Alfred Hitchcock, one of the few film directors equally adored by critics, film scholars and the box office, was notorious for his explanation of the difference between surprise and suspense: A bomb explosion will surprise the audience, but a bomb planted under a table will keep them in suspense.
And for the Master of Suspense, the 1950s were an "extraordinarily productive decade," says film professor Raymond Foery, with 1972's "Frenzy" being considered Hitchcock's final masterpiece. The film, which gets a close examination in Foery's new book, "Alfred Hitchcock's Frenzy: The Last Masterpiece" (Scarecrow Press), is celebrating the 40th anniversary of its nationwide U.S. theatrical release this month.
"I think Hitchcock is one of the great directors in cinema history," Foery told CNN, "but the question remains, 'Where does he rank? Robin Wood, the famous critic, once called Hitchcock the 'Shakespeare of Cinema,' and I find I totally agree with that. He's one of the few directors who made films for the masses but at the same time scholars and critics find more and more to study about those films."
Hitchcock is one of the recognized masters of two of the most important approaches to film: mise-en-scene (visual storytelling) and montage (an editing technique). As Foery explains in his book, audiences are not so much connected to or moved "by the actual stories he tells -- of men on the run, crimes of passion, spy intrigue, domestic turmoil. Rather, we are impressed by the means he engages to relay these stories to us."
Hitchcock's films are not particularly famous for their scripts or acting, but his mastery of the moving camera, which separates film from the other art forms. Hitchcock's masterpieces could never be conveyed in the form of a book, a play or a painting. As Foery writes, he was "a master at utilizing uniquely cinematic techniques to communicate."
The distinctive mise-en-scene in films such as "Notorious" (1946) - via a crane shot, the camera slowly descends upon a key that Ingrid Bergman is holding behind her back - and "Rear Window" (1954) - in one shot, the audience learns that Jimmy Stewart's character is a travel photographer with a broken leg, along with myriad details of his life and living situation - are among Hitchcock's most iconic.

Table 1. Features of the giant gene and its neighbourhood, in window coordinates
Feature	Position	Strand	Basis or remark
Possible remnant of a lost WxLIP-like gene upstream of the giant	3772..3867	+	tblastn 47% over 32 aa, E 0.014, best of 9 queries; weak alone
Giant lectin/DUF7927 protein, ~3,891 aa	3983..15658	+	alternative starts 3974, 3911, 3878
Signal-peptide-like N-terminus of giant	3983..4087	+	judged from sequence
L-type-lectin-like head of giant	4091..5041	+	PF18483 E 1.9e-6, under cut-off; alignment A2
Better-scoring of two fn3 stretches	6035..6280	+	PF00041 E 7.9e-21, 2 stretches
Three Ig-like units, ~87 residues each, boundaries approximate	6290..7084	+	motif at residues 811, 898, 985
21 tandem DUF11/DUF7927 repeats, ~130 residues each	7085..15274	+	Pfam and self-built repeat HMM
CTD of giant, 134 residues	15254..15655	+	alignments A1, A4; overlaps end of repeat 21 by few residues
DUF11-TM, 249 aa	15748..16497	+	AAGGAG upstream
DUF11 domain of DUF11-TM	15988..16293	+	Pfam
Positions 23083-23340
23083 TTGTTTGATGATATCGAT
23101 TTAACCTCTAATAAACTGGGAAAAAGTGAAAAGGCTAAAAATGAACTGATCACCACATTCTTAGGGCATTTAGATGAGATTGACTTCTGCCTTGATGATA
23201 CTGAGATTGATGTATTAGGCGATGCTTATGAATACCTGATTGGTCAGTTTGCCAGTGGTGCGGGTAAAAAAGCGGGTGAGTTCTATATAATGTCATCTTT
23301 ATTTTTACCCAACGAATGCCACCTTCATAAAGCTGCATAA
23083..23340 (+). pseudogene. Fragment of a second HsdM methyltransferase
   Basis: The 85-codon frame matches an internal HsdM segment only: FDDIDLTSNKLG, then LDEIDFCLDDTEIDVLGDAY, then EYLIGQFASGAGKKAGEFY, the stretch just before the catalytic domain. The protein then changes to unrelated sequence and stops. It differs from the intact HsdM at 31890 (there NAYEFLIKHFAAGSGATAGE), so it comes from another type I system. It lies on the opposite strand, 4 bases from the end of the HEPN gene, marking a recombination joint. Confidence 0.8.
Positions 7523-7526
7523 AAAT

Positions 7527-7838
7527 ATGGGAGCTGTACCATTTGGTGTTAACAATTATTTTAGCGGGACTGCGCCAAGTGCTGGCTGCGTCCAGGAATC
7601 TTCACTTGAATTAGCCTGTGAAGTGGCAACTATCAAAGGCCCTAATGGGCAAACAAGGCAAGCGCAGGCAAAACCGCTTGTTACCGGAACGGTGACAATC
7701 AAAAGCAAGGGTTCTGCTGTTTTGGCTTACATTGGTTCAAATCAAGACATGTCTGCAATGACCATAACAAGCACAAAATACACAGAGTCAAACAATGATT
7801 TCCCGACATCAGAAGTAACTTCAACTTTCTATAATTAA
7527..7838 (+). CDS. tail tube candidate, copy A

Hitchcock's "Rope" (1948) consists of just 10 moving camera shots in the entire feature-length film. To put things in perspective, most feature films contain upwards of 1,000 shots while action films generally contain about 3,000.
Some non-Hitchcock examples of extended, single shot takes are the opening shot of Orson Welles' "Touch of Evil" (1958) and, more recently, the shot in Martin Scorsese's "Goodfellas" (1990) where Ray Liotta's character, Henry, takes Karen (Lorraine Bracco) on their first date. The camera starts outside the car, goes across the street and through the nightclub's side door. It then descends down the stairs and follows Henry and Karen as they snake through various corridors, through the kitchen and finally into the club where they eventually find their way to their table.
Tired yet? The crew sure was! That's part of the reason why most directors elect to edit several shots into a sequence. The complicated setups and logistics often prevent filmmakers from making such grand cinematic gestures.
In the shower scene in "Psycho" (1960), the power is "clearly in its editing, and its editing is singularly brilliant," observes Foery. In the majority of "Rear Window" (1954), the audience sees the world through Stewart's character's eyes. Hitchcock only briefly lets the audience in on what Stewart doesn't know when the main protagonist is sleeping.
According to Foery, who teaches a Hitchcock seminar at Quinnipiac University, the director was in an "artistic and commercial trough" just before "Frenzy"" came along. His two prior projects, "Topaz" (1969) and "Torn Curtain" (1966) were not financial successes.
By 1970, Hitchcock was depressed, and spent a large majority of his time reading scripts that people would send him and sought out books for possible film projects.
When Arthur La Bern's 1966 novel "Goodbye Piccadilly, Farewell Leicester Square" - the basis for "Frenzy" - came along, it was not a particularly eloquent nor well-written novel, but it was ideal Hitchcock material because many of the book's elements were reminiscent of classic Hitchcock: the wrong man gets accused and all the while the audience knows who the true guilty party is.
"Frenzy" was Hitchcock's 52nd feature film and the first to be shot in London in its entirety since he departed the city of his birth in 1939 and left for Hollywood.
"By the time Hitchcock was shooting 'Frenzy' he was 72 years old. Society had shifted to faster-paced films," Foery told CNN.
"Frenzy," Hitchcock's penultimate film about a serial killer known as the Necktie Murderer, contains several classic Hitchcockian (How many directors can say their names have been turned into adjectives?)